Judge Sirica also noted that “[t]he House Judiciary Committee through its Chairman has made a formal request for delivery of the Report materials,” suggesting that the presence of a formal request to the court weighed on his decision to release the information. (Benjamin Wittes has proposed that Nadler write a similar letter.)
In his ruling, Sirica devoted extensive attention to the notion of “judicial proceeding,” and whether a judicial proceeding was unfolding in the House judiciary committee. In examining instances in which grand jury information had been disseminated to Congress for the purpose of impeaching or disbarring members of the federal judiciary, Sirica concluded that there was “convincing precedent to demonstrate that common-law practice” permitting disclosure. He added, “It seems incredible that grand jury matters should lawfully be available to disbarment committees and police disciplinary investigations and yet be unavailable to the House of Representatives in a proceeding of so great import as an impeachment investigation.” Given the weight Sirica puts on the matter, it is notable that there is no pending impeachment inquiry currently.
H.R. Haldeman, Nixon’s former White House chief of staff who was later tried for perjury, conspiracy and obstruction of justice in connection with Watergate, filed for a writ of mandamus to prohibit Judge Sirica from transmitting to the House judiciary committee the sealed report and accompanying grand jury evidence. In Haldeman v. Sirica, the D.C. Circuit upheld Sirica’s decision in an opinion that was curiously vague, stating that “[w]e are in general agreement with [Sirica’s] handling of these matters, and we feel no necessity to expand his discussion.” The D.C. Circuit went on to note that the president had not objected to Sirica’s action, and that the special prosecutor must have concluded that his interests in successful prosecutions could be reconciled with the transmittal of the information for consideration in the impeachment process.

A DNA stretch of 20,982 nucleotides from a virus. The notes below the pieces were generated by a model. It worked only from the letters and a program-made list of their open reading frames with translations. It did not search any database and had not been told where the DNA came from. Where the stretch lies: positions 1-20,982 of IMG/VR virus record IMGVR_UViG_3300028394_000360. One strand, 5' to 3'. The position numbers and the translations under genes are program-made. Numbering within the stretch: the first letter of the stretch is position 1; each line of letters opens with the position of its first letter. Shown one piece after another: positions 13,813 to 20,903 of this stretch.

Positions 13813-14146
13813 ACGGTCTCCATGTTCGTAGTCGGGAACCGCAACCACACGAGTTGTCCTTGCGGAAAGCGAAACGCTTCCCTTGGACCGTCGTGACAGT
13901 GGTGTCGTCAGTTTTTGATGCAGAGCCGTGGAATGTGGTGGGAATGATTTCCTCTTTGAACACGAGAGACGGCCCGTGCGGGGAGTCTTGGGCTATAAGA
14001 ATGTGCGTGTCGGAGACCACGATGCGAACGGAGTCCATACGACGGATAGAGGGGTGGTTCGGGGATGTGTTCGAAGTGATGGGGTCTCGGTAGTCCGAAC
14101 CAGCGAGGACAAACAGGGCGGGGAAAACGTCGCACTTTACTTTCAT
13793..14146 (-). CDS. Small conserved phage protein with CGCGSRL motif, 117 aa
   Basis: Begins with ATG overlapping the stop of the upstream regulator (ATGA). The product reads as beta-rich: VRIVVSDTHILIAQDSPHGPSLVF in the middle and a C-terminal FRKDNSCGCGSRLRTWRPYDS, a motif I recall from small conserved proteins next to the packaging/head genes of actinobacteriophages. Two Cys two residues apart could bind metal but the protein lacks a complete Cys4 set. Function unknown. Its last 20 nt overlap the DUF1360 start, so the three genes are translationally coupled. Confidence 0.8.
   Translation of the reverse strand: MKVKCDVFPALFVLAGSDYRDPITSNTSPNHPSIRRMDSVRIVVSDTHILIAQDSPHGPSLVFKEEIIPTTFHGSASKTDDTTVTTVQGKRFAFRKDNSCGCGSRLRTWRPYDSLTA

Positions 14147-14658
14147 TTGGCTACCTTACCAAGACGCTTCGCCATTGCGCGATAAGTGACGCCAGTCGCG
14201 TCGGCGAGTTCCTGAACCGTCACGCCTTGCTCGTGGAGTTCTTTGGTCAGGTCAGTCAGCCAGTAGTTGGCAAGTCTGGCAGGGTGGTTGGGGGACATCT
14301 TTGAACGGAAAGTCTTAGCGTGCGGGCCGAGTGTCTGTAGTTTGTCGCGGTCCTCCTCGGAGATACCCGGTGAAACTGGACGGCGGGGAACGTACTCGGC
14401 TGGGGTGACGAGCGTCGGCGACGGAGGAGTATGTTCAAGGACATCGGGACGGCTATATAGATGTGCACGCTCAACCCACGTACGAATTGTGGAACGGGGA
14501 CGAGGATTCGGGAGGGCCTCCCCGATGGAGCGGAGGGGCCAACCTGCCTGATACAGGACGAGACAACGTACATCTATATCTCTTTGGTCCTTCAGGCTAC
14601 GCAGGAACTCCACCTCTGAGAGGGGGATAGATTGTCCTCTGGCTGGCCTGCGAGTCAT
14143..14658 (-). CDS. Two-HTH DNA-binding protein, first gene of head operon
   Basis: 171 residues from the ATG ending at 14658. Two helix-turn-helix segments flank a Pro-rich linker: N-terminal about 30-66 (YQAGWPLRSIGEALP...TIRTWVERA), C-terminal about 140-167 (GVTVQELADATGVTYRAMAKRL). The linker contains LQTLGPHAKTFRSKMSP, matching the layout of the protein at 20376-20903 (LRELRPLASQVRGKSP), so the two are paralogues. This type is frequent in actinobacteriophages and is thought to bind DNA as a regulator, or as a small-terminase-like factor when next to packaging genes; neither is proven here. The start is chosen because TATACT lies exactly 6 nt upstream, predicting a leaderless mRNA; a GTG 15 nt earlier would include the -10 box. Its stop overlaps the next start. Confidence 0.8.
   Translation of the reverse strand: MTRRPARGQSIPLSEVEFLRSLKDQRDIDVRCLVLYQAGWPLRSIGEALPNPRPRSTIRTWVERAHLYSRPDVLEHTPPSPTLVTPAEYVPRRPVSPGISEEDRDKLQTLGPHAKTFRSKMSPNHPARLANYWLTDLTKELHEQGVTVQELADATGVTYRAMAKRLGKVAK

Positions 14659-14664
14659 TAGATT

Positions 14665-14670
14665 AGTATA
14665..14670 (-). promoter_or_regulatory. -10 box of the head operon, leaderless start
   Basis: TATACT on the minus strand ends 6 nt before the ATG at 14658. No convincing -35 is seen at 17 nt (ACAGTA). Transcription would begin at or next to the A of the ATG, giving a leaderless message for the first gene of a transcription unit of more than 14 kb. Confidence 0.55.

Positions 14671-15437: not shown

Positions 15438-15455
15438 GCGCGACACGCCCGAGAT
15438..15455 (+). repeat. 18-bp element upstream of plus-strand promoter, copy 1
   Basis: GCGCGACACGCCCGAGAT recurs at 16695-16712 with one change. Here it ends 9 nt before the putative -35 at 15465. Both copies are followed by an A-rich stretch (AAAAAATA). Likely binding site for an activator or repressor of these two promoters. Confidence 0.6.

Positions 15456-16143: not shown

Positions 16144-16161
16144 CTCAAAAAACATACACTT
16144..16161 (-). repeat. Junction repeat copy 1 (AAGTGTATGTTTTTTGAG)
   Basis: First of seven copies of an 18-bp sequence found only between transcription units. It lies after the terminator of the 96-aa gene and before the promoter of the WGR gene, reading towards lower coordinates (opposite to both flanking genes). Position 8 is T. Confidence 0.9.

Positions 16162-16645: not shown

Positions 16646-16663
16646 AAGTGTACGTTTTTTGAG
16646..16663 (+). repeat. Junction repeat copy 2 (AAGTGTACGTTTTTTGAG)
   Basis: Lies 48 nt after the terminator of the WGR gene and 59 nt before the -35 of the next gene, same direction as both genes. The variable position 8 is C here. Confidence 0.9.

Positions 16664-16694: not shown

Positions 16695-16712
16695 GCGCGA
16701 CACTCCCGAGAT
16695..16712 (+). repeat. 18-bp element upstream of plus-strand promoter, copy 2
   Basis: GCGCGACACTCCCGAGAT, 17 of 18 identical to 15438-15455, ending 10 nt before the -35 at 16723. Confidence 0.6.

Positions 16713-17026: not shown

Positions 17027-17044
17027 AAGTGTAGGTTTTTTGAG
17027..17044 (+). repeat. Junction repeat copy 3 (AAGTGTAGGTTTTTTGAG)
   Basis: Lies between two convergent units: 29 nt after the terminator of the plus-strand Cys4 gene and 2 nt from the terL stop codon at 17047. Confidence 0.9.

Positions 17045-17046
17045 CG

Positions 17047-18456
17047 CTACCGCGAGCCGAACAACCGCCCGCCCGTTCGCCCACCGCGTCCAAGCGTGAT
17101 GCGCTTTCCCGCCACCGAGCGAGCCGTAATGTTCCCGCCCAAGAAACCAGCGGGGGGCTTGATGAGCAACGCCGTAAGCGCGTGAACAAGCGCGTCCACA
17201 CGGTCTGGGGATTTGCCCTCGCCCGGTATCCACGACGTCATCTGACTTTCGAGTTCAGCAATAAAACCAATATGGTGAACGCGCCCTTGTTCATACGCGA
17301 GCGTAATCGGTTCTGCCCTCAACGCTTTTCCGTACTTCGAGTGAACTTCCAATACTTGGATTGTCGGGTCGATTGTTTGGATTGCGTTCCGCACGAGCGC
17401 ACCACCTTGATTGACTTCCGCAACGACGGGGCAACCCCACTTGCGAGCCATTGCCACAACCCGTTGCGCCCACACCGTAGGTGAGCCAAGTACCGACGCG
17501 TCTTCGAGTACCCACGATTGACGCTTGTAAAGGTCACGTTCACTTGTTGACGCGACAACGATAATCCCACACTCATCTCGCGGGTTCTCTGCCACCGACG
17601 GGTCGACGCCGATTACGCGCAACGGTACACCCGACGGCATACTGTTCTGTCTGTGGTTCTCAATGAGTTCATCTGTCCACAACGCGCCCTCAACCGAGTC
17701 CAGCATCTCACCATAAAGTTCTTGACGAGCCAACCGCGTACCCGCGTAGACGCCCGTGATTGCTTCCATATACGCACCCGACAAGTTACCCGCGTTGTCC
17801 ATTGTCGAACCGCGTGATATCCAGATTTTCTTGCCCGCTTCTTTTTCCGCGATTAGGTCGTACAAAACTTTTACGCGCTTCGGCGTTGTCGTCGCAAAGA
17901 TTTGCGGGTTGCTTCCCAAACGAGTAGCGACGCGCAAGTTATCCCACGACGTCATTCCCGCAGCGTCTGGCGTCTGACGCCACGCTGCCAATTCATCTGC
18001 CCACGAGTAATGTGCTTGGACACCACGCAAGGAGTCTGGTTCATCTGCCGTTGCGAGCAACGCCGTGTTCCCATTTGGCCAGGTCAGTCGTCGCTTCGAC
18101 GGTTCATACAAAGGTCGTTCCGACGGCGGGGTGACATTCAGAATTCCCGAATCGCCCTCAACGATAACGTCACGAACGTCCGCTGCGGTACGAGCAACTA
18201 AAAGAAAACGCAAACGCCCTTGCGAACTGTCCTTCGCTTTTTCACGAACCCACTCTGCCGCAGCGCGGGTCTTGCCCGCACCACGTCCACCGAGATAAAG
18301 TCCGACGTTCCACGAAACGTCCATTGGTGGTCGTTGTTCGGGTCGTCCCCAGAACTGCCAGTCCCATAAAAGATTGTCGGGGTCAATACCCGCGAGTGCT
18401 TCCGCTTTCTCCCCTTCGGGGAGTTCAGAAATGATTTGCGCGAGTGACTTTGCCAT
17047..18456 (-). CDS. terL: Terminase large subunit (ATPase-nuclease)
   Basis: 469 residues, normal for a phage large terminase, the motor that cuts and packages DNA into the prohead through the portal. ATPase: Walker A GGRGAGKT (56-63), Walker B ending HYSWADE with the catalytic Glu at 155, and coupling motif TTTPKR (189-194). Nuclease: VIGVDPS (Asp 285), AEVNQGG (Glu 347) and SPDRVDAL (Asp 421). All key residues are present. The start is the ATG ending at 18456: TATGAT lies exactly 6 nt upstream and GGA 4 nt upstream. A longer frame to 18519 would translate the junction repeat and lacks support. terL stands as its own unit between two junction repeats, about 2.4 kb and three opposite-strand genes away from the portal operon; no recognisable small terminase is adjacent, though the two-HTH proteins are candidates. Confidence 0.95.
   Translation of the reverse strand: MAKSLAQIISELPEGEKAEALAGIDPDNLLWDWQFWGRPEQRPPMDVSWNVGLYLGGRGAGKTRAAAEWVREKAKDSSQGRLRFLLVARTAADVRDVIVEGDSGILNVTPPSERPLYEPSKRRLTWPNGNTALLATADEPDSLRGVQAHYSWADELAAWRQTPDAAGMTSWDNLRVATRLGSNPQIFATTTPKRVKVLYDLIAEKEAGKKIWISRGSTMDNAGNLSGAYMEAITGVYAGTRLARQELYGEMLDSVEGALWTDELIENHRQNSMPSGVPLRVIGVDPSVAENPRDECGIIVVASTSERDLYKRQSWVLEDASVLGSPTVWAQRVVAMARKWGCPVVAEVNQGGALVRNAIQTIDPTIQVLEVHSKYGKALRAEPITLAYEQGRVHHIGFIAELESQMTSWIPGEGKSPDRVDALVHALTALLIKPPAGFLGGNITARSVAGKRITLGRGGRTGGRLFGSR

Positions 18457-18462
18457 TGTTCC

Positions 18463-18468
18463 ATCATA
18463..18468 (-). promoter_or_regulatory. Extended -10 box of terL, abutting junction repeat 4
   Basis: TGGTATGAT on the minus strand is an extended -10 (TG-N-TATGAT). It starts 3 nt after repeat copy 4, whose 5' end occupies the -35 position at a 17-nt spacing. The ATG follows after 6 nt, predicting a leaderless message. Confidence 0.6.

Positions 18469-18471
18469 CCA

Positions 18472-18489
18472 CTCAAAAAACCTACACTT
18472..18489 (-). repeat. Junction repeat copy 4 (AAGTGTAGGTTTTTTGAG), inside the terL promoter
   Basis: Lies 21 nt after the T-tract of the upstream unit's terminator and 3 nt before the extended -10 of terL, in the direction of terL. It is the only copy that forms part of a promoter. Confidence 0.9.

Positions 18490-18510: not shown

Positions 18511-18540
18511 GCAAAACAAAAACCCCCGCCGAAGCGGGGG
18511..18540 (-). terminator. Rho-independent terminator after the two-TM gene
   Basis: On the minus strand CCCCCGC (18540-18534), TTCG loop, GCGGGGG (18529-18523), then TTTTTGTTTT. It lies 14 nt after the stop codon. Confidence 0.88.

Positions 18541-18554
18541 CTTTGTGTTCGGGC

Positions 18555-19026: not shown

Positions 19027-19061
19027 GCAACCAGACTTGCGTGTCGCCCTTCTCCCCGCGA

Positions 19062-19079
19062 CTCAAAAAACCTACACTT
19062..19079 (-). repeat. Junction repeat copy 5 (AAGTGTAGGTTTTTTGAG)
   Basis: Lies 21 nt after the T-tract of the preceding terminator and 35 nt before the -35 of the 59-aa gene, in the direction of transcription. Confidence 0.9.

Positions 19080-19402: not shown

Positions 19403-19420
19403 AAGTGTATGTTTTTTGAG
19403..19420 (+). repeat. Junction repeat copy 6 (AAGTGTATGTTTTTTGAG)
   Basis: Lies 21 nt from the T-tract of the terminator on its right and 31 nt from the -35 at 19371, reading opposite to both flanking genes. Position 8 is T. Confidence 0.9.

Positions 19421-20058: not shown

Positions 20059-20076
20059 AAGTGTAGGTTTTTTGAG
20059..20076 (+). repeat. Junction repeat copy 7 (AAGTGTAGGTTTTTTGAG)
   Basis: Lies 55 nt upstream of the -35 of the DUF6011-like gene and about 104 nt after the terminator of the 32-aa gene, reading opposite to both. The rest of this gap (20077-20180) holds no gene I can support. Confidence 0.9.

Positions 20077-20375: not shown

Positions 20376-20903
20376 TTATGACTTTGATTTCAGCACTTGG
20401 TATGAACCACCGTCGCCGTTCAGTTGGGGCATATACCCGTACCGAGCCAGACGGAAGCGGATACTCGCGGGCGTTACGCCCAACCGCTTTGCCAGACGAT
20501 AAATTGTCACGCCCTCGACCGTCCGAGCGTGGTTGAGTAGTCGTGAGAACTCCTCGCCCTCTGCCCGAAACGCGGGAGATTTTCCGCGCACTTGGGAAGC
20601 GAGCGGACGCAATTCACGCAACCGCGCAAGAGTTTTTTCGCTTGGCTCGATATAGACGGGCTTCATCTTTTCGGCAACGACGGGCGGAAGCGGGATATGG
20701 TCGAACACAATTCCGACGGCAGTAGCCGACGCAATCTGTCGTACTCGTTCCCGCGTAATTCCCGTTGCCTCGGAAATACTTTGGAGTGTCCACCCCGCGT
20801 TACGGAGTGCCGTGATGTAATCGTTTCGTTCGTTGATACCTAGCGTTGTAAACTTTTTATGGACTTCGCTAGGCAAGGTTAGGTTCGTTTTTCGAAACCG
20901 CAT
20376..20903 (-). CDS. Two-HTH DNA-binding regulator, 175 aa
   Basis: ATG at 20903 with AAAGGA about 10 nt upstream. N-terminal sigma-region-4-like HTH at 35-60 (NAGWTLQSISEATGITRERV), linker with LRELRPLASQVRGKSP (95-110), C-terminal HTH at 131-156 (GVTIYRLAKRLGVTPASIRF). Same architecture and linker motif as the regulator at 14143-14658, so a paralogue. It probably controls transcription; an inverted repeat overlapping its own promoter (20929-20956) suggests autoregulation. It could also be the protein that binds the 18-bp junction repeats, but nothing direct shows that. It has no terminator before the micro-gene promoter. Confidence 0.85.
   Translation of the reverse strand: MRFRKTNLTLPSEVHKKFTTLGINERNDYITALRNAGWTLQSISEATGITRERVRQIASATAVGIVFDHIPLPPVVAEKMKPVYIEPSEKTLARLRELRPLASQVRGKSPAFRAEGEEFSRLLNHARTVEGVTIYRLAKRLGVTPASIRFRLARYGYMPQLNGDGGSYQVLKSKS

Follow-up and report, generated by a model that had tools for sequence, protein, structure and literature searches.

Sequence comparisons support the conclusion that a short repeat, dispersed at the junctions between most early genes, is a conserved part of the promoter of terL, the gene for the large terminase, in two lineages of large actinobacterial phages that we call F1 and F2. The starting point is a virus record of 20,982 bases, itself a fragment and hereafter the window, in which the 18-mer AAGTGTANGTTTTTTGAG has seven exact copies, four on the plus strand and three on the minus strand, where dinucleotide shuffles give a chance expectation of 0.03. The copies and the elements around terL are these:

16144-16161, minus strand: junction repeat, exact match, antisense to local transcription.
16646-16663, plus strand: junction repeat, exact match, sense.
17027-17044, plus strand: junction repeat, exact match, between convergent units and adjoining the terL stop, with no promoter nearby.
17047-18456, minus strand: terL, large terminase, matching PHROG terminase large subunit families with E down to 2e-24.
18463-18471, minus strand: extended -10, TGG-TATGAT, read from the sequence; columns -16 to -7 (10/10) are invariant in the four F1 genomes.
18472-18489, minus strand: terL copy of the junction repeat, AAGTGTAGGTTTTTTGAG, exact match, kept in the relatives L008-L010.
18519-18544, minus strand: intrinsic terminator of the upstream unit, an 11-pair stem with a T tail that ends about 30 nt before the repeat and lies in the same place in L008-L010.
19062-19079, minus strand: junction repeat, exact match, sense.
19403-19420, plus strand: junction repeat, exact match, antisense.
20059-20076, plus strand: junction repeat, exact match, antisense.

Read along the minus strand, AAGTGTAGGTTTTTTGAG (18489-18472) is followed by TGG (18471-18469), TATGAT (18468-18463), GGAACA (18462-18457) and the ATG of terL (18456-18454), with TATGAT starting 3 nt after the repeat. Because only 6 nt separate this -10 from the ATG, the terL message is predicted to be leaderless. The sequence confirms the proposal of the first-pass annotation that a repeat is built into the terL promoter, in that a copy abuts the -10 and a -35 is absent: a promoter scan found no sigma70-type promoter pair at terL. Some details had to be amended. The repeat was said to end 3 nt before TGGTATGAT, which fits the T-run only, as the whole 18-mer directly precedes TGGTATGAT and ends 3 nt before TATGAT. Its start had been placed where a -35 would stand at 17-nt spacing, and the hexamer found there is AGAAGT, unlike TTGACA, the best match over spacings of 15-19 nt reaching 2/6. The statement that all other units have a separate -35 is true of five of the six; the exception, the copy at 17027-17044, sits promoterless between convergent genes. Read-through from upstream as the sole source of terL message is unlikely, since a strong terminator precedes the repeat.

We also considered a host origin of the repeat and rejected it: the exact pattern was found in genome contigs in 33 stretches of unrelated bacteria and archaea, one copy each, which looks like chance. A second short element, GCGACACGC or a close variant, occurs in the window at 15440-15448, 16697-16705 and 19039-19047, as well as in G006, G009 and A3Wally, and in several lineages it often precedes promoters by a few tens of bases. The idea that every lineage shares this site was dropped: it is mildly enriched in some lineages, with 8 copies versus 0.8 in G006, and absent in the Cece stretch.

Alongside the Watergate road map, Nadler also invokes the Starr Report, another large document that also arrived at the House chock full of grand jury material. But this document actually has very little in common with the upcoming Mueller report, legally speaking. True, Starr worked with a federal court to release his report, but the statute under which he did so no longer exists. The now-lapsed Independent Counsel Statute (28 U.S.C.§591-599) mandated that he directly petition a special division of the D.C. Circuit, impaneled for the purpose of monitoring an independent counsel, to allow him to transfer grand jury information to Congress. Under Section 595(c) of the statute, Starr was required to “advise the House of Representatives of any substantial and credible information which such independent counsel receives, in carrying out the independent counsel’s responsibilities under this chapter, that may constitute grounds for an impeachment.” Pursuant to that title, Starr requested permission on July 2, 1998, from the special division to transfer information to Congress that included grand jury materials. On July 7, the division granted him that permission, resting its full order on 28 USC § 595(c). (The order can be found in Tab B for the Appendix to the Starr Report.) The statute was terminated in 1999, so it will be of little help to Chairman Nadler and his committee.